Superfund Research Program
Effects of Carcinogenic Materials on Gene Expression
Project Leader: Joshua W. Hamilton (Marine Biological Laboratory)
Grant Number: P42ES007373
Funding Period: 1995-2014
Project Summary (2000-2005)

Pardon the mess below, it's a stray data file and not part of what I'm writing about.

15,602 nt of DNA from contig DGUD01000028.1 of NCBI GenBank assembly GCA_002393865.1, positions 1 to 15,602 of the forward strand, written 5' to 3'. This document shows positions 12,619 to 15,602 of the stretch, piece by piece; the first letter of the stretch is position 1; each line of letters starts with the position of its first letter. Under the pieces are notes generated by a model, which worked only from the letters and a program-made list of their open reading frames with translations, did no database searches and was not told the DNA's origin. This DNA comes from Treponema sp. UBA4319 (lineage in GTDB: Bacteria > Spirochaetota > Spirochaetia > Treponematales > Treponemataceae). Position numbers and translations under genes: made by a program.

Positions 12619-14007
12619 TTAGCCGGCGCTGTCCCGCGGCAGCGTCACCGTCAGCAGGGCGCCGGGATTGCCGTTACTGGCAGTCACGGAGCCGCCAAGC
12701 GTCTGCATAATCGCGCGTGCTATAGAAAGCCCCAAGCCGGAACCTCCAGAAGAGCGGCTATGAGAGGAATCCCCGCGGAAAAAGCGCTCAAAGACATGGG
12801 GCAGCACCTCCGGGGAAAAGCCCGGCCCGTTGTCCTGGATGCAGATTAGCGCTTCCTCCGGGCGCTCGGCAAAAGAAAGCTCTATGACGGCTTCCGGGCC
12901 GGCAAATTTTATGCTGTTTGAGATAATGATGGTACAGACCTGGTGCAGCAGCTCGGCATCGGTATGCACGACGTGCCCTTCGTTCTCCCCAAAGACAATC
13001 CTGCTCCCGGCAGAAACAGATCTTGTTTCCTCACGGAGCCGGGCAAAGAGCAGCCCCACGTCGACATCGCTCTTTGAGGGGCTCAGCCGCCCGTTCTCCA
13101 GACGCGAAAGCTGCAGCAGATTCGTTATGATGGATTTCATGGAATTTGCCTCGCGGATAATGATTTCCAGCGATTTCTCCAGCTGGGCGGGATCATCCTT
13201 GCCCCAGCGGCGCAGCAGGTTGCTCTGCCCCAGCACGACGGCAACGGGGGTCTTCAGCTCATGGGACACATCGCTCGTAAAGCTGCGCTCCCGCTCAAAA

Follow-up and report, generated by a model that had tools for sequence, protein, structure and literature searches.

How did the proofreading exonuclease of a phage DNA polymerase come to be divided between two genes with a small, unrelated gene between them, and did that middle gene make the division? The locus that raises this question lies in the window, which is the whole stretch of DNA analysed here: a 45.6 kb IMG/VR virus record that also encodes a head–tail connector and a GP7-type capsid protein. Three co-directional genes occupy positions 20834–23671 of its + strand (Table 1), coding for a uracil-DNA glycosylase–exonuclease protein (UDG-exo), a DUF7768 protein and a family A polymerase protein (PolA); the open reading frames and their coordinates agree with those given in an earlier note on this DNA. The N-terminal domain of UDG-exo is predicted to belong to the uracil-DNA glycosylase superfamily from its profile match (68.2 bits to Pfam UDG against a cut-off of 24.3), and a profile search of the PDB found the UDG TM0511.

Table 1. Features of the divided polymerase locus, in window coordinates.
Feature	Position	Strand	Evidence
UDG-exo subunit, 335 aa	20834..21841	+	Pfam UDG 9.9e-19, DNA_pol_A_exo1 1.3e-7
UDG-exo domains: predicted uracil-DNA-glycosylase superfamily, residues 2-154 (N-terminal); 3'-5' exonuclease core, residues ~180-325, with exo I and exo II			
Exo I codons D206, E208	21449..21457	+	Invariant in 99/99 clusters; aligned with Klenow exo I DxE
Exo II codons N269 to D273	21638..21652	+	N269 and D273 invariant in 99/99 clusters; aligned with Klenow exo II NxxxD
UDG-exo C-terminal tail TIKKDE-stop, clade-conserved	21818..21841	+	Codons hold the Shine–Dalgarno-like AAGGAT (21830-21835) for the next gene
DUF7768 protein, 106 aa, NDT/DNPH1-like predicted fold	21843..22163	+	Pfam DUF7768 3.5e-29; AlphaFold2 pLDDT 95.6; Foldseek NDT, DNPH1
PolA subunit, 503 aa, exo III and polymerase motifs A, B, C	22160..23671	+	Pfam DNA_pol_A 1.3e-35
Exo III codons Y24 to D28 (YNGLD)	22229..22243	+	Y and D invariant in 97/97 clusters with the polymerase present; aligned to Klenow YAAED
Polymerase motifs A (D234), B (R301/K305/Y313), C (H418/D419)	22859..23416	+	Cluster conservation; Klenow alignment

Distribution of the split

The goal of this project is to determine the mechanistic basis for the preferential effects of carcinogenic metals on inducible gene expression. Particularly, arsenic(III) and chromium(VI) are considered human lung carcinogens, and arsenic is also associated with an increased risk for skin, bladder and kidney cancer. Researchers are determining the mechanistic basis for the preferential effects of these carcinogenic metals on inducible gene expression. Previous studies demonstrated that arsenic and chromium have strong preferential effects on the expression of several model inducible genes at very low, non-toxic doses directly relevant to chronic human exposures. These gene-specific effects appear to be mediated, at least in part, by the ability of these metals to modulate specific transcription factors and cell signaling pathways that regulate the expression of these targeted genes. The specific objectives of this research are to determine the molecular basis for these effects, and the overall role of these gene alterations in the biological response to toxic metals.